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Published Friday 19 Jan 2024

Meet Jean, the 92-year-old volunteer providing some much needed comfort to Wellington Regional Hospital cancer patients

Jean volunteers with the Cancer Society and part of her role is to introduce the Cancer Society in a gentle way to new patients, to make them aware of the facilities and support available.

But Jean goes above and beyond with her volunteering, lending a much needed listening ear and trying to make the patients she sees regularly as comfortable as possible.

Read on to learn how Jean dedicates her time and brings a little bit of fun to her volunteer shifts.


Tell us about your volunteer role and what it’s like working with the patients.

“When I first started I had a buddy with me to show me the ropes but I eventually moved onto visiting by myself. I began to develop a routine specific to me. We were given guidelines and until you've done the job, you don't know how you'll react to the patients. Sometimes there's a need for reassurance, especially with new people. They need more attention and without appearing like a travelling salesman, it's quite nice to say to people ‘have you had any help from the Cancer Society?’ 

I come in on Monday every week and patients often do the same, so you get to know them. And it's lovely, that little bit of familiarity is terrific, it gives them confidence. 

I make a point of asking the receptionist if there are any new people. They really need reassuring because it’s a strange environment for them.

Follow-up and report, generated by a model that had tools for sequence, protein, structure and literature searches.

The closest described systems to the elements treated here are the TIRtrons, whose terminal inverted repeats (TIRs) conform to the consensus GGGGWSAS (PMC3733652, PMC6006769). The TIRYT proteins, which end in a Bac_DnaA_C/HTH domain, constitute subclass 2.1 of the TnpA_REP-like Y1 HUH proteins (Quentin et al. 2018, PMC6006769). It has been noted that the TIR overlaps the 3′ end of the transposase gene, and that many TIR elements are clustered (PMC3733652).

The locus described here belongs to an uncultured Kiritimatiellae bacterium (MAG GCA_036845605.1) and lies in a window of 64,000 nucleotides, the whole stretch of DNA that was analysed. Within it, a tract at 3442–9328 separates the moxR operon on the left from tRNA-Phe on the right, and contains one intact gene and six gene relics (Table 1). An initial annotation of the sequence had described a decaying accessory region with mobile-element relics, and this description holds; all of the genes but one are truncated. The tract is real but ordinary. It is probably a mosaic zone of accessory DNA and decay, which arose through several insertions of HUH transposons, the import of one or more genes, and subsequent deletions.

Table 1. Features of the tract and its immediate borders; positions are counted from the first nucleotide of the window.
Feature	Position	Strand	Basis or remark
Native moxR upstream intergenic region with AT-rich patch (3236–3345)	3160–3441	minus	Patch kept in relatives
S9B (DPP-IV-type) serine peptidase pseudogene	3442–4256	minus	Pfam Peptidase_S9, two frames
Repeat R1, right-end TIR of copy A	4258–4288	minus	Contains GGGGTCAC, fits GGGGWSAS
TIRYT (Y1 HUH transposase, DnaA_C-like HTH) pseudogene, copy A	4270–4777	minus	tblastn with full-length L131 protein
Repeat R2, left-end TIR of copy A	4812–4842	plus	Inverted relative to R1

I become quite involved with the people and I think they quite enjoy the fact that they can talk to somebody who's non-medical. They often pour out their problems about how they tell their family, how they deal with their partners.

Conversation with the patient is one thing, but conversation with a caregiver is quite different. I have had experiences where I've asked a wife or a husband how they’re coping and they burst into tears. They carry quite a burden. They need some understanding as well. 

There is, however, a bit of fun going on in the ward, a bit of humour, which goes a long way with some people. On one occasion it was very quiet, and I said to them, ‘oh this is quiet’ and they said ‘yes, it's very boring’. And I said, ‘well, would you like me to do a pole dance for you?’ They absolutely loved it! 

I think my role would be different to the person who does it on a Tuesday or Wednesday. It's the kind of role that you grow into and you develop it in a way you feel comfortable.” 


How long have you been doing the volunteering here at Wellington Regional Hospital?  

“Well, I worked in a hospital until I retired. I had a couple of lovely years of retirement with my husband who passed away. Then I thought I'd like to do some voluntary work.

I sort of came upon The Cancer Society by accident; a friend who was a volunteer had to call in there, and I walked in with her and thought ‘I quite belong here’. So, I volunteered as a driver for about five years. 

The team system was organised and I was invited to be part of it, and I think that that would be about 15 years ago. 

We are termed as ‘hosts’ which to me sounds a funny name for it because it sounded like a bit of a tea party. You know, a cocktail party or something and it's far from that. But it's a way of doing tea and coffee and food and a little bit of comfort, a little bit of conversation, whether it's about a knitting pattern or what not.” 


What was your role when you worked in a hospital?  

“I trained as a laboratory technologist and in those days, it's quite different from the training now. It was my first job and I applied to be a trainee. It was a five year training course in the laboratory and we had to know a little bit about everything; haematology, cross matches, TB work, microbiology, pathology and we had to work in the Mortuary.